At the Faculty of Design, Kyushu University, we are engaged in discussing the fundamental theories of design with the aim to systematize its study. On this occasion, we invited Professor Yoko Fukao (Osaka University, Graduate School of Language and Culture) to speak to us at the 9th Fundamentals of Design Seminar. Her presentation was titled, “Re-Questioning Rational Order — Redesigning Closed Communities and Bounded Societies.”
In recent times, especially from the 20th century onwards, our everyday living and social spaces have been transforming to become ever more enclosed. With the protection of individual rights; the establishment of national borders; and the use of concrete in architecture, humans have been born, raised, and living in confined spaces. This trend can be witnessed in our social structures and their underlying theories; regional design plans; and house designs. This manner of enclosure is referred in the talk as the “barricading process”. The “barricading process” is also evident in academic thought, where lines demarcating the boundaries of intellectual specialisms have been deepening, while a more general approach to knowledge has been fading. In households and schools, enclosures have been taken place spatially and socially, giving rise to new forms of violence and leading to obstructive exclusiveness. She argues that the 21st century is a time to escape from the 20th century trend of closed off-ness, to “open barricaded spaces”. The world is fundamentally structured upon improvised spaces of openness and liberated societies where spontaneous encounters and communications can take place. Such freedom begets a more harmonious life cycle. As such, the breaking down of restrictive barriers should be the mission of mankind. By referring to the extensive field work Professor Fukao has conducted on a village in inland China, Loess Plateau, this proposal is argued for.
Yoko Fukao specialized in the study of the Chinese language at Osaka University of Foreign Studies and graduated in 1985. In 1987, she completed her doctoral studies in Oriental history at Osaka City University. In the same year, she became an assistant lecturer at Osaka University of Foreign Studies. Following her subsequent appointments as lecturer and assistant professor, in 2007, with the assimilation of the university with Osaka University, she was appointed to the post of associate professor of global management studies with the School of Economics. And in 2018 she returned to the Division of Language Studies at Osaka University of Foreign Studies. Since 2019 she has been a professor there. In the meantime, she has travelled between Japan and Loess Plateau, located in inland China, to conduct a continuous, 25-year long research on a single village. She has published numerous works, including “Tamashii no Datsushokuminchi-ka towa nanika” (Seitosha); “Kosa no Ekkyo Management: Odo, Shokurin, Enjo wo toi naosu” (Osaka University Print); “Nihon no Otoko wo Kui Tsukusu Tagame-jo no Shoutai”; and “Nihon no Shakai wo Ume Tsukusu Kaeru Otoko no Matsuro” (Kodansha, αShinsho). She has also jointly authored “Odokogen no Mura: Onkukan, Shakai” (Kokon). Furthermore, she has edited “Odokogen, Midori wo Tsumugi dasu Hitobito: ‘Midori Sei’ Shu Jo Hitsu wo meguru Ugoki to Katari” (Fukyousha); “Manshu no Seiritsu: Shinrin no Shojin to Kindai Kukan no Keisei” (Nagoya University Press); and “Hong Kong Barricade” (Akashi Shotenn).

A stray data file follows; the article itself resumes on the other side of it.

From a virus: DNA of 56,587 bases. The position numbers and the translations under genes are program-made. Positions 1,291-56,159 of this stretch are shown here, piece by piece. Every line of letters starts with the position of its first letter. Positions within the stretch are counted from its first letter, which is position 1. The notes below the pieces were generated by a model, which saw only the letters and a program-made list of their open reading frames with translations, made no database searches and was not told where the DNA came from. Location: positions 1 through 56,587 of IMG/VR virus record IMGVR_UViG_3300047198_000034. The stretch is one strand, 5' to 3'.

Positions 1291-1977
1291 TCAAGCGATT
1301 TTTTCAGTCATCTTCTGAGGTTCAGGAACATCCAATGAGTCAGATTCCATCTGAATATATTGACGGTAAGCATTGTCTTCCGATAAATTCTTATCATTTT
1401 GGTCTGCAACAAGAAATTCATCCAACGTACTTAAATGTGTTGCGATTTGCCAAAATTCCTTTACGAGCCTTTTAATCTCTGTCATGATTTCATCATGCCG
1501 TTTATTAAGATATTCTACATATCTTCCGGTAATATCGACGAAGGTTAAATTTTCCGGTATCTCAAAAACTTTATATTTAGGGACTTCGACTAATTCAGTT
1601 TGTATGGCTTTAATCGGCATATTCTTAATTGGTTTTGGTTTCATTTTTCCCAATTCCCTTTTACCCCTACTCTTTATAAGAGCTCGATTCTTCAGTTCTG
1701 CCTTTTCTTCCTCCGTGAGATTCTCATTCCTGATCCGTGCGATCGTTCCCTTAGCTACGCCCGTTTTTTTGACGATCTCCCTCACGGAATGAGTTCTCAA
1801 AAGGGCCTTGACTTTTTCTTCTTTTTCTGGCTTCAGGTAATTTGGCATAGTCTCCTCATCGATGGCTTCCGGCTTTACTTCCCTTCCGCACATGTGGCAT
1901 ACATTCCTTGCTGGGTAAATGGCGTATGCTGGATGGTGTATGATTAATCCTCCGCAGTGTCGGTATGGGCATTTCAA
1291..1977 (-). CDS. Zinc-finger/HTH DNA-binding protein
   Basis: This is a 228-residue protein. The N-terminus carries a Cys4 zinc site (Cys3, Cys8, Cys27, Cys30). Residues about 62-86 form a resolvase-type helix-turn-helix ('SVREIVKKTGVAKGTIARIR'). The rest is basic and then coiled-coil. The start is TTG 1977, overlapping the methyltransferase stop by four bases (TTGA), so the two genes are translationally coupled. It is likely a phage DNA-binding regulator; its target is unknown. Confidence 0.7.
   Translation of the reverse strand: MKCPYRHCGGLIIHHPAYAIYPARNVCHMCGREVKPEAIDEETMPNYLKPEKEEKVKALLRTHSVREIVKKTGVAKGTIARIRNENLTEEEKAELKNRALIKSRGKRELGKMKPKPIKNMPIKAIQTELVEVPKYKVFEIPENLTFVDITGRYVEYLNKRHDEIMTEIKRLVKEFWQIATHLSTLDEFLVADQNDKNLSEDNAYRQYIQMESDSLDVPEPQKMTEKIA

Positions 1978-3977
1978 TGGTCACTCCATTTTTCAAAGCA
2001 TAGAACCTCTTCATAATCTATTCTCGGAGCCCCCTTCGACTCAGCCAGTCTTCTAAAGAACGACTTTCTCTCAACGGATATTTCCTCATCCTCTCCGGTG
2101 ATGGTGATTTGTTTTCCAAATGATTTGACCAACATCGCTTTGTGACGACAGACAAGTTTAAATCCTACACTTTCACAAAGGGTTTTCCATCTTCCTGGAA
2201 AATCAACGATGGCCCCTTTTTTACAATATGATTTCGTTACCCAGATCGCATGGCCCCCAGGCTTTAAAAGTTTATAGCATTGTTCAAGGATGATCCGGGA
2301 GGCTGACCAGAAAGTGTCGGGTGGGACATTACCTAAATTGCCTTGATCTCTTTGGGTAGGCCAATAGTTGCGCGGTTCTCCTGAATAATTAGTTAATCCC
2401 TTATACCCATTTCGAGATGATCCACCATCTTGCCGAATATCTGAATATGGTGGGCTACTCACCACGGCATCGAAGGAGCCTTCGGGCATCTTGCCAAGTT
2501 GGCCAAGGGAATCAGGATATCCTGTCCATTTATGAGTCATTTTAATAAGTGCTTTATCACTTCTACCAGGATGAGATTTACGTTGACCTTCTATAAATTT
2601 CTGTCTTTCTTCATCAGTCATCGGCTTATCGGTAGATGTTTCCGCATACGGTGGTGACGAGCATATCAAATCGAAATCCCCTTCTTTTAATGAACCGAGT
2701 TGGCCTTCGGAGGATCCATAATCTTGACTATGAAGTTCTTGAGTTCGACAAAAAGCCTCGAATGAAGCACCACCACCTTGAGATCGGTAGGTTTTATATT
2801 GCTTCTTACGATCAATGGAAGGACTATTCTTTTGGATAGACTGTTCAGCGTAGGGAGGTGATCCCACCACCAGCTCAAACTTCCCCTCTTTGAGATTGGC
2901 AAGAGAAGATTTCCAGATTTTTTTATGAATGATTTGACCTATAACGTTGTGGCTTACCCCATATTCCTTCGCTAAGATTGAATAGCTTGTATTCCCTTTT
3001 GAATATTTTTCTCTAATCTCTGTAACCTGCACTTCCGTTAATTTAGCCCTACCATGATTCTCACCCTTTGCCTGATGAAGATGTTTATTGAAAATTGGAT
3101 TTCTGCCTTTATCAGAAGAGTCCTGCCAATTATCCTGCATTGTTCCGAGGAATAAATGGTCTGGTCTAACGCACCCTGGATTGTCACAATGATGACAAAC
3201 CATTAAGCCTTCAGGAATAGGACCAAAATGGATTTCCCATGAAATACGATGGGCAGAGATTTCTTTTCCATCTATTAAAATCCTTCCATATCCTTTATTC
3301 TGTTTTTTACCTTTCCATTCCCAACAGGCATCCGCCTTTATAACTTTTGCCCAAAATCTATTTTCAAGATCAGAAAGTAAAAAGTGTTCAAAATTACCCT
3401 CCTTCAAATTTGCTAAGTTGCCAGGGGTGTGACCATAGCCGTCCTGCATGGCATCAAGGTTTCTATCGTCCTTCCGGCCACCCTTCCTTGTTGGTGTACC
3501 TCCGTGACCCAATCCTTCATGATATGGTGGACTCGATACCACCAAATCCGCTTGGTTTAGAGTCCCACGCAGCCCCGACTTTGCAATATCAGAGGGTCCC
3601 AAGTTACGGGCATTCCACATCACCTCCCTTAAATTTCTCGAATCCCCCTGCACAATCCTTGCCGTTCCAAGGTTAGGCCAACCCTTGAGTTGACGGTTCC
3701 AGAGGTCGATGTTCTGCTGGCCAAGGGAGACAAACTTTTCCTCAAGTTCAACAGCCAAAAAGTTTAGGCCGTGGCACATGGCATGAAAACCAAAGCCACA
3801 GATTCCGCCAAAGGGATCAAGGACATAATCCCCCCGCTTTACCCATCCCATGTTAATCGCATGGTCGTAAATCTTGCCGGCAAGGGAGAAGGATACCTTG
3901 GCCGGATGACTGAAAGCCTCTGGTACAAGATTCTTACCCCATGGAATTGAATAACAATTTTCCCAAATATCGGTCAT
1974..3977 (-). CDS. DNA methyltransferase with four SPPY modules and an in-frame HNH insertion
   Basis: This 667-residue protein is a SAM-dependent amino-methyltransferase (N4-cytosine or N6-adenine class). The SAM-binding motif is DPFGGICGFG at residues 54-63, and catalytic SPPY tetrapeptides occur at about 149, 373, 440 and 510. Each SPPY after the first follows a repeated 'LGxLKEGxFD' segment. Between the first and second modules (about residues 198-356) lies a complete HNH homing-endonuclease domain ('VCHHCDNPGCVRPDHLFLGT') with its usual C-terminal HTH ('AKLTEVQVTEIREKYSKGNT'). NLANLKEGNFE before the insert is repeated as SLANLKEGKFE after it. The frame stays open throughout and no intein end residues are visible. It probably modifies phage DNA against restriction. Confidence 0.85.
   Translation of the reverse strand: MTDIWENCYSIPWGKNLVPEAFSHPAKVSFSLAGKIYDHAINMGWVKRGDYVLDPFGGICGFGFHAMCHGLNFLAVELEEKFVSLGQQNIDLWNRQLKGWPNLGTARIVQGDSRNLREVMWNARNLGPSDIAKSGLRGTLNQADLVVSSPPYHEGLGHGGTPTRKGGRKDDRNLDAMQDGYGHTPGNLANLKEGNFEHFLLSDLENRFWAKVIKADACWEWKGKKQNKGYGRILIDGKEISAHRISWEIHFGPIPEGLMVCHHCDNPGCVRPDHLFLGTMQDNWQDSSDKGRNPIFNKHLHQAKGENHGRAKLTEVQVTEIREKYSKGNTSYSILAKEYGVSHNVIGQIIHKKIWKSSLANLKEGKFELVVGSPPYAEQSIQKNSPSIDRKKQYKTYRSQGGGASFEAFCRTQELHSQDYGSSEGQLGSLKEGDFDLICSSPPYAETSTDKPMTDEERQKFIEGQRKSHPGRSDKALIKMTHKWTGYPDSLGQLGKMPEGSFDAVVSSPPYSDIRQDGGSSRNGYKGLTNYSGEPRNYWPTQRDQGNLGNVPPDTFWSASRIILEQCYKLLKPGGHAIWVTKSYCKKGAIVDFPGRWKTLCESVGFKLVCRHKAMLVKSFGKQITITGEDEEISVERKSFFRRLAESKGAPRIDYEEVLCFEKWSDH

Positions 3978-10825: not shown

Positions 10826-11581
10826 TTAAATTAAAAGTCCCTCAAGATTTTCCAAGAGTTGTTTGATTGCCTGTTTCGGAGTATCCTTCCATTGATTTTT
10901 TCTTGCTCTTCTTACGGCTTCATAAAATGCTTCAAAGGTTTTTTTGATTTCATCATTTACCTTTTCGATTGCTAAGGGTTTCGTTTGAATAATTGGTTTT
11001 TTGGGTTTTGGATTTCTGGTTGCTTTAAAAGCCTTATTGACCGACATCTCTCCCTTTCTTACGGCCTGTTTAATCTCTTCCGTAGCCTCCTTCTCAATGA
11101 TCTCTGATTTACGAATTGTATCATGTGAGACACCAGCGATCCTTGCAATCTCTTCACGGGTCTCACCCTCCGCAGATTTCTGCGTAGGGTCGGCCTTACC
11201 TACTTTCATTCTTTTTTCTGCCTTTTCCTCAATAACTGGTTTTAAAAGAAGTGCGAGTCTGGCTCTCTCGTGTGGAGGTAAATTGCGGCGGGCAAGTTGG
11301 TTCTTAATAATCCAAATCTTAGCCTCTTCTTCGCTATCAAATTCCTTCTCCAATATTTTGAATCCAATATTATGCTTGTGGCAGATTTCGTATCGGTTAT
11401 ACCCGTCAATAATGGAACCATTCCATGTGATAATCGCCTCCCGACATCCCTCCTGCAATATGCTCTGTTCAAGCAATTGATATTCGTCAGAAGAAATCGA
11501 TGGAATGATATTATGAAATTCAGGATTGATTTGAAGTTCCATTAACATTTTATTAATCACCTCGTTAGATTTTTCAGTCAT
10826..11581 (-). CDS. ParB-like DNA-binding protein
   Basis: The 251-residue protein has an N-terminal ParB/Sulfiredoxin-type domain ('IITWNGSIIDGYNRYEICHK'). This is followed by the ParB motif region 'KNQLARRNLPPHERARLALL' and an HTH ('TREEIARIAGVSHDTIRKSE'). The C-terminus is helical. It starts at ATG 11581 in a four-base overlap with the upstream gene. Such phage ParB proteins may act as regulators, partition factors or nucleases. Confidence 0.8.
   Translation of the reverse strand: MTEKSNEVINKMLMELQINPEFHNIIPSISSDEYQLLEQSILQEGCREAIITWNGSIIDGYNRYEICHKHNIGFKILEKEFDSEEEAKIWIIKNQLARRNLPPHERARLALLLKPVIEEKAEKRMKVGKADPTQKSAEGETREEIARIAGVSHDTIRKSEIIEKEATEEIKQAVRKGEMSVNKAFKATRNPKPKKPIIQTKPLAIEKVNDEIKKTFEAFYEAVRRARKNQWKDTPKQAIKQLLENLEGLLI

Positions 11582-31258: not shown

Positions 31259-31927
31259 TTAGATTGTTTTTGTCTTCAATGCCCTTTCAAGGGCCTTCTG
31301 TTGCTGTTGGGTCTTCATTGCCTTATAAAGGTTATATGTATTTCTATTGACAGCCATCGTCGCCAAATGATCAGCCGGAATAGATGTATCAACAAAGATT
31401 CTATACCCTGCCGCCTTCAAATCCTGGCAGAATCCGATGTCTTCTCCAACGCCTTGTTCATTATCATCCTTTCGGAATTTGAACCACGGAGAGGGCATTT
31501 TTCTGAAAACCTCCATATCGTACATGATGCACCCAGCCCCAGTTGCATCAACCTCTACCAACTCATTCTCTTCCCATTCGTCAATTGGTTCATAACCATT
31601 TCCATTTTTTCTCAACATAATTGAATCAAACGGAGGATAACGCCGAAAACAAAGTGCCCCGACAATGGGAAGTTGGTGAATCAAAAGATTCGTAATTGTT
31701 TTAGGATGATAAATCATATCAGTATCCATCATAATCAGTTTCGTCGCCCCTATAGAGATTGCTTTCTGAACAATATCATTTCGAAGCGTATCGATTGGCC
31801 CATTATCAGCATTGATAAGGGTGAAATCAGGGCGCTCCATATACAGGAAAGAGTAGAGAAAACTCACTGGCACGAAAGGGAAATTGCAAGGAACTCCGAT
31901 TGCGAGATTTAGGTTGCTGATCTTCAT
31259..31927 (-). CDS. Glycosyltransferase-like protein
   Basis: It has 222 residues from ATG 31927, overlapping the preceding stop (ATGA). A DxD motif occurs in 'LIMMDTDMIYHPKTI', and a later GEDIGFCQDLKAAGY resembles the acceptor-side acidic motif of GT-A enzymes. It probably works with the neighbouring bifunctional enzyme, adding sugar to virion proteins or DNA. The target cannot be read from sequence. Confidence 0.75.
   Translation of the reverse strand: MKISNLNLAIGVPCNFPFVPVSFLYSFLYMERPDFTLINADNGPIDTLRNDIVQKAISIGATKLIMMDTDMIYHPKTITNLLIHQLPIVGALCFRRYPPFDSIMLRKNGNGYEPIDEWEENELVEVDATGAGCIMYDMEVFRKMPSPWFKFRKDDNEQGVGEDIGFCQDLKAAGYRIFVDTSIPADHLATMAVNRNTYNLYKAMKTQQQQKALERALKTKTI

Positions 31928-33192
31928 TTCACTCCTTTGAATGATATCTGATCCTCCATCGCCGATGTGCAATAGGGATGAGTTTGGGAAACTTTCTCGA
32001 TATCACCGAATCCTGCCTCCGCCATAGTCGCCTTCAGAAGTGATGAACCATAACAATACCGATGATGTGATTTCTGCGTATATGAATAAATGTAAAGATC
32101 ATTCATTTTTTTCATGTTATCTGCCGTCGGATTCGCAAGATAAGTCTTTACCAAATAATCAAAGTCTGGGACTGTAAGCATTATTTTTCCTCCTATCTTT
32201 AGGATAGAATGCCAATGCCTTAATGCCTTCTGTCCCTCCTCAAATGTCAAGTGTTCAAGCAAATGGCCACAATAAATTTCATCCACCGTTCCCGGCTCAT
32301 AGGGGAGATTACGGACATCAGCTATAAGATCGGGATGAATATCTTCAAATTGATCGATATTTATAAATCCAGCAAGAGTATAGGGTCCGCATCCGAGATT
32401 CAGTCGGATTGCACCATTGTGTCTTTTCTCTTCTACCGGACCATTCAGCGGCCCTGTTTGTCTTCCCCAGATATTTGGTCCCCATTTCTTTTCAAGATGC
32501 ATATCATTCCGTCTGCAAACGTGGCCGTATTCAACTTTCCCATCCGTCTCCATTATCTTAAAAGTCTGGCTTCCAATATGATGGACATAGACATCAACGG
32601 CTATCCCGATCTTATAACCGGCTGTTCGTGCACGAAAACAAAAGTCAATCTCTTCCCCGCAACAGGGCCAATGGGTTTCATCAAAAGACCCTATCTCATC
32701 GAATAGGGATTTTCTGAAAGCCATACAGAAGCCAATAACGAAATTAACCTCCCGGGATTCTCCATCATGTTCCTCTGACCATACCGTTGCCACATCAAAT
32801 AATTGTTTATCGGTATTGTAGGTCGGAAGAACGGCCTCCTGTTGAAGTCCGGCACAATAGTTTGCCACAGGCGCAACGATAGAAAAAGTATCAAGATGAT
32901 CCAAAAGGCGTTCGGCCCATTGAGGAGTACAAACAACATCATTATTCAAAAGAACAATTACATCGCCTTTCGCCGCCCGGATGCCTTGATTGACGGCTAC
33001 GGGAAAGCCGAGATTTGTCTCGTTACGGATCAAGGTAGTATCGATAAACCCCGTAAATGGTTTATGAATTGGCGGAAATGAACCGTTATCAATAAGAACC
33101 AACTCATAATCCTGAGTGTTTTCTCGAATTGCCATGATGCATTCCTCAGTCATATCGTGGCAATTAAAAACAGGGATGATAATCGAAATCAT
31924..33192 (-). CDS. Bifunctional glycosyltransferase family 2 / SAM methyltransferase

Kyushu University Faculty of Design
July 12th (Friday), 2019, 4:30-6:30 p.m.
Kyushu University Ohashi Campus, Design Commons 1F
4-9-1 Shiobaru, Minami-ku, Fukuoka
Toru Koga (Kyushu University Faculty of Design)